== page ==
01 June 2013 Issue 5 Alon Kaplan, Jennifer Palmer-Violet

Israel and beyond

As STEP Israel celebrates its 15th anniversary, Branch Founder Alon Kaplan tells Jennifer Palmer-Violet about the early days and where he think the trusts industry is going

What modern industry trends do you see?

New legislation relating to reporting, taxes and anti-money laundering is having a dramatic impact on the industry. France currently has the strictest legislation in this regard, while

Israel and the UK have more moderate regimes. More responsibility will be placed on trustees by new due diligence regulations and legal reporting requirements. In Israel under the new regulations trustees must file reports with the Israel Tax Authority, so they will need to become much more knowledgeable about the rules because if they break them, while they will not go to prison, they may be sued by beneficiaries for breach of trust.

Many trustees are unaware of the new regulations and are unprepared for them. If I carry out business in the US, I would call a STEP member and ask for an update on US reporting requirements. That’s the advantage of STEP: you have an international network. Trustees should seek proper legal advice. Many practitioners do not understand that when you become a trustee, you are responsible for the assets of the trust. So if something goes wrong it is their responsibility.

We may see a reduction in the use of trusts for aggressive tax-planning purposes due to the new reporting requirements, though we expect to see an increase in the use of trusts for legitimate purposes, such as for new immigrants, estate planning and preserving family assets. Israel has introduced a new law giving a ten-year tax holiday to new immigrants and former Israeli residents (see ‘Deal of the Decade’ in the December 2012/ January 2013 issue of the STEP Journal, page 45). If a new immigrant to Israel dies after two years, the tax holiday ends. But if he has established a trust, and has placed his assets in the trust, the trust will survive him for the next eight years.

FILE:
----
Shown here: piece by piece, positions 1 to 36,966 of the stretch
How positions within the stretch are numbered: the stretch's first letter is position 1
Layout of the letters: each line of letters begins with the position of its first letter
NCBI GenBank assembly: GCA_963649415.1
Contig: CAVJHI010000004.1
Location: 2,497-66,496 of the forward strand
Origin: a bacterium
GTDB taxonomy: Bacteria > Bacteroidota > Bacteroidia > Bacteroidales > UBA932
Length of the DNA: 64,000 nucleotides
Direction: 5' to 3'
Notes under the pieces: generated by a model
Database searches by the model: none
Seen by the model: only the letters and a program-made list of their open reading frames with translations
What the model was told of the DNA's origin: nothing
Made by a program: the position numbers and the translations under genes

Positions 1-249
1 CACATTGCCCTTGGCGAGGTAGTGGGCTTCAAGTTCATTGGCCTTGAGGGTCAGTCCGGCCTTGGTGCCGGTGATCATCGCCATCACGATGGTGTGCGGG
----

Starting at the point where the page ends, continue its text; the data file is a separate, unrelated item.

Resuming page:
There is also a dramatic change in the exchange of regulation agreements between governments. These agreements allow one government to call another government and ask for information about its citizens. Established practice with regard to freedom of information has been shattered.

What is the future for trusts?

I think we will see a return to the classic aims of the trust: planning for the coming generations, taking care of incapacitated people and avoiding fights about testaments and wills among the heirs.

The industry is striving, first of all, for good estate planning. We have a case in Israel where a multi-billionaire with a son and a daughter decided to make a proper will. He instructed a lawyer, a physician and a psychologist to ensure that everything was OK. He took everything into consideration except one thing: the animosity between his son and daughter. His children started to fight the moment the estate went through probate proceedings. Had someone advised him to establish a proper trust, it wouldn’t have happened.

Trusts will also be used more often for taking care of elderly people and incapacitated persons. If you have an autistic child who may live 60 or more years and you pass away, who will take care of them? Trusts are used for this more and more in the US and Switzerland, but not so much in Israel. We are, however, aware of this issue and try to prepare the appropriate trust structure when approached to do so. And then there’s the use of charitable trusts.

Tell me about the charity, Impact!, of which you are a founder and a director

The Impact! Scholarship Programme is for combat soldiers who have completed their military service and who are from a disadvantaged socioeconomic background. The charity provides students with a scholarship of USD16,000 over the course of their studies. The donor knows that whatever money he donates goes directly to the student without any administration fees. The donor receives a letter from the student and gets to know him; sometimes they meet. One donor invited the student he was sponsoring to his home in the US and the student ended up marrying his donor’s daughter! The charity has supported 2,000 graduates through their studies, spending over USD37 million. At the moment we have 3,000 students in university.

How would you sell the trusts concept?

It’s the best way to prepare for future generations while planning for your old age. There are so many situations in which a trust can provide a solution – not always, but in many cases. When people come to me and ask me what I think about trusts, I say it’s a legitimate instrument for taking care of family needs. Sometimes people abuse a trust, but most are legitimate users: I believe that 80 or 90 per cent of trusts have nothing to do with illegal or improper activity.